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Getting drowned out

Discussion in 'Amps and Cabs [BG]' started by smitty5841, Sep 2, 2008.

  1. smitty5841


    Aug 31, 2008
    Hey fellas, I looked around and I couldn't really find a solid answer to my question.

    My band has two guitarists and a drummer. We've got a ways to go before the time where we'll start playing at gigs and what not. The guitarists have pretty big amps. I know for a fact that one of them is 50-60W and I'd have to guess the other one isn't far behind from that.

    So I'm looking for something pretty mobile but able to put out loud, deep sound, and of good quality. I don't think I need a stack but to be honest I'm not sure about it. Any suggestions on sizes or watts would be a great help! Thanks
  2. Guest043

    Guest043 Guest

    Apr 8, 2008
    my old band had two guitarists, drums and vocal.

    one guitarist used a marshall 4x12 rig. the other used a fender deville 4x10.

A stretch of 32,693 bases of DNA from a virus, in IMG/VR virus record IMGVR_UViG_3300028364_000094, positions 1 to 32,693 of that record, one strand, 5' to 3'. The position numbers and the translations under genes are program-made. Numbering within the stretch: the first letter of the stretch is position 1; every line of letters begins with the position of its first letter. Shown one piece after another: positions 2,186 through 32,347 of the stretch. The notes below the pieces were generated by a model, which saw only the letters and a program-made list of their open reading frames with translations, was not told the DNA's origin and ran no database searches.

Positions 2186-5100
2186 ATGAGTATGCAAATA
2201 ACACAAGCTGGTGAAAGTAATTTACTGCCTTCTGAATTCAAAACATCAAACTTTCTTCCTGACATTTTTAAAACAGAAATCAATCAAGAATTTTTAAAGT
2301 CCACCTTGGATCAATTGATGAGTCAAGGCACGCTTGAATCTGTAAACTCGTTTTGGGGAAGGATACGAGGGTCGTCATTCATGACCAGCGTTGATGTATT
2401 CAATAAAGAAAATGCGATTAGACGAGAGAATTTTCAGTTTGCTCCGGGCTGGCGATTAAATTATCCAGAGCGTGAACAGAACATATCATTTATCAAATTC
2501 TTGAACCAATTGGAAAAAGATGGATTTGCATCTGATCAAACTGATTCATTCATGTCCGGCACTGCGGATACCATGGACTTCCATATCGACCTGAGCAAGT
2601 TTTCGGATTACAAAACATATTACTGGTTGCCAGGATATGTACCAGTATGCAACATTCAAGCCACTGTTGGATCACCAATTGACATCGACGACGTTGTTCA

i tried using a LMII with 2 1x12" cabs, rarely was happy with it. then i used a 2x10 ampeg combo amp that pushed out some boomy lows and alright high mids, with nasty highs. i put that on one side of the stage with my 12's on the other side. that had a great sound...nowadays i use any config. of 4 12" speakers...

    that should give you an idea of how much you need with two guitarists, i had 2x10" and 2x12", but the key to that was they were on seperate sides of the stage.

    it depends on what you like. if your alright with 10" speakers, any old 4x10 with a 500(ish) watt head will do you just fine.
  3. joegeezer


    Mar 9, 2005
    Northern Wisconsin
    Avatar Club#12 Eden Club Lucky# 13--USA Peavey Club#37 Carvin Club#5
    A good single 15 cab, that handles alot of wattage, such as a Carvin cab, or similar, and a power amp, such as a Behringer or similar, takes you to about 500 bucks, if you what well for used. Use your present head, or whatever else you may find, as the preamp, and your on your way. A cheap rig such as this will serve you well for many years. If it's not quite loud enough, add another cab, as your wallet swells.